- Borrow at an affordable price to invest in their future while avoiding excessive debt.
- Be protected from unequal treatment that negatively impacts economic activity.
- Access new products and services based on their comprehensive history of productive economic and financial activity.
- Understand how data tracked across their digital lives impact access to financial services and be aware of the use of behavioral science‒informed products.
Additionally, as regulators focus more on outcomes, and work with society to define what we want those to look like, it is essential to measure and track those outcomes over time. Although being more open to changing technologies and practices can hopefully benefit the country, it is also our responsibility as public servants to test and confirm whether innovations are living up to their promise.
Promoting Positive Change
To promote racial equity in the financial system, regulators also need to broaden their mindset beyond simply preventing obvious harms, like discrimination, to include promoting positive behavior in the market. Harm prevention may target some of the worst impacts of overt racism in the financial system (e.g., redlining or predatory lending), but it does not guarantee the solution to many problems of unequal financial opportunity and overall well-being. These issues are driven by systemic bias, misaligned business models, and many other unseen—and often unintentional—forces. The question that regulators are left with is how we can be more proactive in encouraging action that can address these forces, rather than using only tools to discourage bad behavior.
The papers featured in this journal recommend proactive steps that regulators and policymakers can take to build a more inclusive financial system, and it is our job to explore these ideas with all stakeholders: from pushing toward a real-time payment system, to clarifying firms’ ability to use new data sources and algorithmic techniques, to understanding the need and risks associated with a shared digital identity system in the United States.
Another key area where regulators could interrogate, and potentially champion, new systems is by focusing on the business models and incentives of companies. A broad review could explore whether the incentives of a business are aligned with those of its customers, and if not, how that difference could impact outcomes, particularly for vulnerable populations.
These are big ideas that will take time and careful thought, but there is clearly a role for regulators—and government broadly—to play in supporting financial and digital infrastructure, and continually adapting supervision to innovation and change.
Each of these steps that regulators can take is interdependent on the others for maximum impact. We need to understand the changing technological and social issues we are facing; we need to define and measure what good outcomes look like based on that understanding; and we must take action based on an agreed-upon, evidence-based goal.
The Federal Reserve’s own evolution in creating an inclusive target for full employment in the economy is an example of this shifting approach, and the combination of these steps.9 The system is dependent on data to drive decision-making. For too long we have used averages to judge employment and access. Policymakers and market participants now widely acknowledge that citizens at the margins, not the average, are being left behind. In parallel, our definitions of success are changing as we consider shortfalls across groups, rather than an average deviation, and we can take proactive steps to address these new indicators.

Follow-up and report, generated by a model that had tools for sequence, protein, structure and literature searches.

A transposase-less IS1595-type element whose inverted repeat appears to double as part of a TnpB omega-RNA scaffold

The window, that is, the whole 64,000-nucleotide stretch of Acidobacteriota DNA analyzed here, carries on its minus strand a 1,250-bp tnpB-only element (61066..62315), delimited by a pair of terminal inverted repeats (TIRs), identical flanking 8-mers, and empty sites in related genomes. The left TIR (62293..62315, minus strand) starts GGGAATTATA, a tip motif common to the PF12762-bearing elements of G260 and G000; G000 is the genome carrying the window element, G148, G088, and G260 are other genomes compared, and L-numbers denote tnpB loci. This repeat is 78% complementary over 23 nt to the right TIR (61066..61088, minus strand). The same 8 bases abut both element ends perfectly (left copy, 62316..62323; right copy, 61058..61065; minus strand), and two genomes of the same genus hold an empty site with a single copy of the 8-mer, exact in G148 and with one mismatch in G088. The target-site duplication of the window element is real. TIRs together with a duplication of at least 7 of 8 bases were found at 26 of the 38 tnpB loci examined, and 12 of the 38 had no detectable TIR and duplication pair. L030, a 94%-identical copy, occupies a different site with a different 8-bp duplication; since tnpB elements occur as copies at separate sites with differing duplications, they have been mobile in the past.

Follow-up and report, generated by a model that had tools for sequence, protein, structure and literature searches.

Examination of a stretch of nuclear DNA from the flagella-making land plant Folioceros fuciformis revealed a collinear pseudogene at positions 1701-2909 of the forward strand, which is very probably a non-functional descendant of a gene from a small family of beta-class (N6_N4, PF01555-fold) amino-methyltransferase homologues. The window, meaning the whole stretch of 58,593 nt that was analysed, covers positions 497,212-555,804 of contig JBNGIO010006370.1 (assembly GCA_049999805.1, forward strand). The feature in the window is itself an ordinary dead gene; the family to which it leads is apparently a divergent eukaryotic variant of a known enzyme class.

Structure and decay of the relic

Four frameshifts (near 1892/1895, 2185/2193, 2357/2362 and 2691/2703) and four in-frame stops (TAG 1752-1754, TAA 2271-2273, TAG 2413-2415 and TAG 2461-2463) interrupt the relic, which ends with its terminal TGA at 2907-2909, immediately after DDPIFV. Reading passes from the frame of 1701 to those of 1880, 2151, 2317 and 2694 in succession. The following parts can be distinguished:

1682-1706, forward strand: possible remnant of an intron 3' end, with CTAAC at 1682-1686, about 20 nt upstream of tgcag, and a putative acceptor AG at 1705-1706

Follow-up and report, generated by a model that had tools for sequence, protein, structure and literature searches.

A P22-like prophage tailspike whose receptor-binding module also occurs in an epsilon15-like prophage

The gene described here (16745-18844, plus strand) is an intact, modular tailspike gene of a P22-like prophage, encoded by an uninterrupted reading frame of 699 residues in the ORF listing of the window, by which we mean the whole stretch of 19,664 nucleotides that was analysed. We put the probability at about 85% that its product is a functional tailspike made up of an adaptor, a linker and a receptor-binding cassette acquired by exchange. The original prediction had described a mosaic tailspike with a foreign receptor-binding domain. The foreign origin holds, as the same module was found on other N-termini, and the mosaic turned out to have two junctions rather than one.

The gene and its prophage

The Federal Reserve Bank of San Francisco’s Fintech Team is grateful for the opportunity to explore these ideas. We serve the public by seeking to understand, define, and promote products and services that can create an inclusive and equitable financial system that supports the financial health and well-being of all Americans.
The Community Development Innovation Review focuses on bridging the gap between theory and practice, from as many viewpoints as possible. The goal of this journal is to promote cross-sector dialogue around a range of emerging issues and related investments that advance economic resilience and mobility for low- and moderate-income communities and communities of color. The views expressed are those of the authors and do not necessarily represent the views of the Federal Reserve Bank of San Francisco or the Federal Reserve System.
1. Historically, banking supervisors in particular have focused on three key areas of concern: 1) the safety and soundness of individual financial institutions, 2) the financial stability of the system as a whole, and 3) consumer protection.
2. Robert Bartlett et al., “Consumer-Lending Discrimination in the FinTech Era,” Conditionally Accepted. Journal of Financial Economics (November 2019), https://faculty.haas.berkeley.edu/morse/research/papers/discrim.pdf.
3. HUD v. Facebook, Inc., Charge of Discrimination, FHEO No. 01-18-0323-8 (filed March 28, 2019), https://www.hud.gov/sites/dfiles/Main/documents/HUD_v_Facebook.pdf. Notably, HUD also alleged that Facebook’s advertising platform was actively being used by lenders to advertise mortgage credit products.
4. Board of Governors of the Federal Reserve System, “The Federal Reserve System Purposes & Functions,” 10th edition (Washington, DC: Board of Governors of the Federal Reserve System), https://www.federalreserve.gov/aboutthefed/files/pf_5.pdf.
5. For this work, the SF Fed defines financial technology as anything that is digitally based, including new technologies, techniques, and business models.
6. Governor Michele W. Bowman, “Technology and the Regulatory Agenda for Community Banking” (speech, Federal Reserve Board, Independent Community Bankers of America ThinkTECH Policy Summit [virtual event], December 4, 2020), https://www.federalreserve.gov/newsevents/speech/bowman20201204a.htm.
7. Financial inclusion discussions in the United States often focus on the disproportionate share of African Americans among the estimated 7 percent of households that remain unbanked. Any alternative indicator of banking inclusion should be used to track progress toward racial equity.
8. Financial Health Network, “FinHealth Score Methodology,” accessed October 7, 2021 https://finhealthnetwork.org/tools/financial-health-score/finhealth-score-methodology/ ; CFPB, “Measuring Financial Well-Being: A Guide to Using the CFPB Financial Well-Being Scale,” accessed June 18, 2021, https://www.consumerfinance.gov/data-research/research-reports/financial-well-being-scale/
9. “Federal Open Market Committee announces approval of updates to its Statement on Longer-Run Goals and Monetary Policy Strategy,” Federal Reserve Board, April 27, 2020, https://www.federalreserve.gov/newsevents/pressreleases/monetary20200827a.htm